Holiday then carefully unpacks some of the issues in our current dilemma: "Cultural appropriation, properly defined, is the exploitation or co-opting of a culture to which one has no rightful heritage." Opinions differ widely on the magnitude of this ugly reality ranging from chastising Katy Perry for wearing a kimono at the American Music Awards (she is not Japanese) to decrying the wealth Elvis Presley made when he blended Black R'n'B grooves with White Country'n' Western sounds to popularize what we now call rock'n'roll. As one who celebrates the creativity of Elvis, noting that another rock pioneer, Chuck Berry, did much the same thing while working from the opposite direction - taking Black music and mixing it up with White country twang - I appreciate the way Holiday presents his concern in contemporary terms: "Who does Robertson think he is trying to speak about the plight of the poor tenant farmers of Dixie?" The remainder of this lengthy article suggests a simple but nuanced answer: Robertson is an artist. His creativity honors both another's culture in a genre bending manner while also creating something new, true and beautiful in the process.  The author notes that the same cannot be said about the Joan Baez cover that is all schlock and sentimentality. Her version does to "Dixie" what Pat Boone's cover of "Tutti Fruitti" did to Little Richard.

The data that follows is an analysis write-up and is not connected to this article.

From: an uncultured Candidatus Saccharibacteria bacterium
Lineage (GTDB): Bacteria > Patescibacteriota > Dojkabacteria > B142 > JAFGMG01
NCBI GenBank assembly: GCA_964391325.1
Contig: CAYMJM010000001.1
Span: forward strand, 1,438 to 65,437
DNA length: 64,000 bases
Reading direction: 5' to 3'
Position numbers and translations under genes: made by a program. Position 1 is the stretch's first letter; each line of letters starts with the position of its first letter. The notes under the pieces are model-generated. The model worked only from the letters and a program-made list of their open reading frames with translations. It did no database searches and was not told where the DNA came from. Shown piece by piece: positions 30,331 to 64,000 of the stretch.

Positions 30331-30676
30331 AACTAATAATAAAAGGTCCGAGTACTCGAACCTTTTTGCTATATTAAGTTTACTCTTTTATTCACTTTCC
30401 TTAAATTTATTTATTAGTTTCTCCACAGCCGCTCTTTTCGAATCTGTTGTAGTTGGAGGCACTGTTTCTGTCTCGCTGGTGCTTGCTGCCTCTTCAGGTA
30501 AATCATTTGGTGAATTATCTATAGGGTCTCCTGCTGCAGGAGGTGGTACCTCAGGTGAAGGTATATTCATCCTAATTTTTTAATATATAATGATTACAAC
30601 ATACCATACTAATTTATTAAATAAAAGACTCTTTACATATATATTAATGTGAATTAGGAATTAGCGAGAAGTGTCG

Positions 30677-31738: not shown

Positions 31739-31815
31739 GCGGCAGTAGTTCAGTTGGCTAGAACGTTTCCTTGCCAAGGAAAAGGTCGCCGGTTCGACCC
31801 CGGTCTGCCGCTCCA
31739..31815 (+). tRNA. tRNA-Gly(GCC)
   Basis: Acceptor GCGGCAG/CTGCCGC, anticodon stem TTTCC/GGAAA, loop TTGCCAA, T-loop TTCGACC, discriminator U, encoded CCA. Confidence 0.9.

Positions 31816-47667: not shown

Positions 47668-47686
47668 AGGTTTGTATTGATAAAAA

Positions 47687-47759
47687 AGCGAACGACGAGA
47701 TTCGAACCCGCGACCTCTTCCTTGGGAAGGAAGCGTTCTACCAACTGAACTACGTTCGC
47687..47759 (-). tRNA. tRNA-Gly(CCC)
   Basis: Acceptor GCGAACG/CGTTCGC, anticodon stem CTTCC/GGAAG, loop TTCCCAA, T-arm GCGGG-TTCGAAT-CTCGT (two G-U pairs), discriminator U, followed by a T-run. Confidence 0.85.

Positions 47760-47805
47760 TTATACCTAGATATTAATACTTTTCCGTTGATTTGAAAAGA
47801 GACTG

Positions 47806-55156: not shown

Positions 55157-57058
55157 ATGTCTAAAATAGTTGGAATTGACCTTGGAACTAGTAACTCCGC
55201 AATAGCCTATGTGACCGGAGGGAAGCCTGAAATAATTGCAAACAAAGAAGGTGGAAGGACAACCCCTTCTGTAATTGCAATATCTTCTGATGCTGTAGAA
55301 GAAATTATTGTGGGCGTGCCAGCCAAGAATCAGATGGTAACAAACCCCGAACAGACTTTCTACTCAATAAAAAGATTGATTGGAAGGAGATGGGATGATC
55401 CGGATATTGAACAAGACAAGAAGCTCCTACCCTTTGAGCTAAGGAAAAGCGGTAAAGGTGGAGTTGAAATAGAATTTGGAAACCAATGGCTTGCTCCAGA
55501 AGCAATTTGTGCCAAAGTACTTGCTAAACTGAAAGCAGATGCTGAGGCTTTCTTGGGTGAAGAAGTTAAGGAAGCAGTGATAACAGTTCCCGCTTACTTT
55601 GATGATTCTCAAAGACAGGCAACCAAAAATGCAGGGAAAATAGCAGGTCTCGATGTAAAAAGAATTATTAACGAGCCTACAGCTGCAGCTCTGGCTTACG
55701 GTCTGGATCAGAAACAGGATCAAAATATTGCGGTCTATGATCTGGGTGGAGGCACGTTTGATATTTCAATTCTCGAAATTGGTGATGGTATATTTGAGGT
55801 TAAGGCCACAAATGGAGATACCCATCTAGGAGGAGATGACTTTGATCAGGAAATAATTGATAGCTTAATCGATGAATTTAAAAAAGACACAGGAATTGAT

This is where it becomes tricky for me: in a climate that neither values nor understands art, and is so self-absorbed and insecure simultaneously, how do we legitimately combat cultural appropriation without becoming neo-Stalinists in the process? This isn't a new question.  Back in the early 60s Bob Dylan nearly quit writing and performing songs because the New Left demanded more social justice folk anthems from him when he was on an inward journey. Irwin Silber, the self-styled Commissar of Art for the American Left, regularly called Dylan out for his deeper, introspective experiments in poetry, music, emotion, and rock and roll. (see "An Open Letter to Bob Dylan @ http://www.edlis. org/twice /threads/open_letter_to_bob_dylan.html) It took a chance radio program playing "I Want to Hold Your Hand" by the Beatles for Dylan to rethink an early retirement. "I can do that too" he concluded near New Orleans and began to refashion his music with the same verve as the Beatles but from a new American reality. Dylan blended the blues, the Beats, T.S. Eliot, and rock and roll in a way that changed popular culture forever.  And in his genre bending critique, he raised social commentary in music beyond the confines of tradition into art.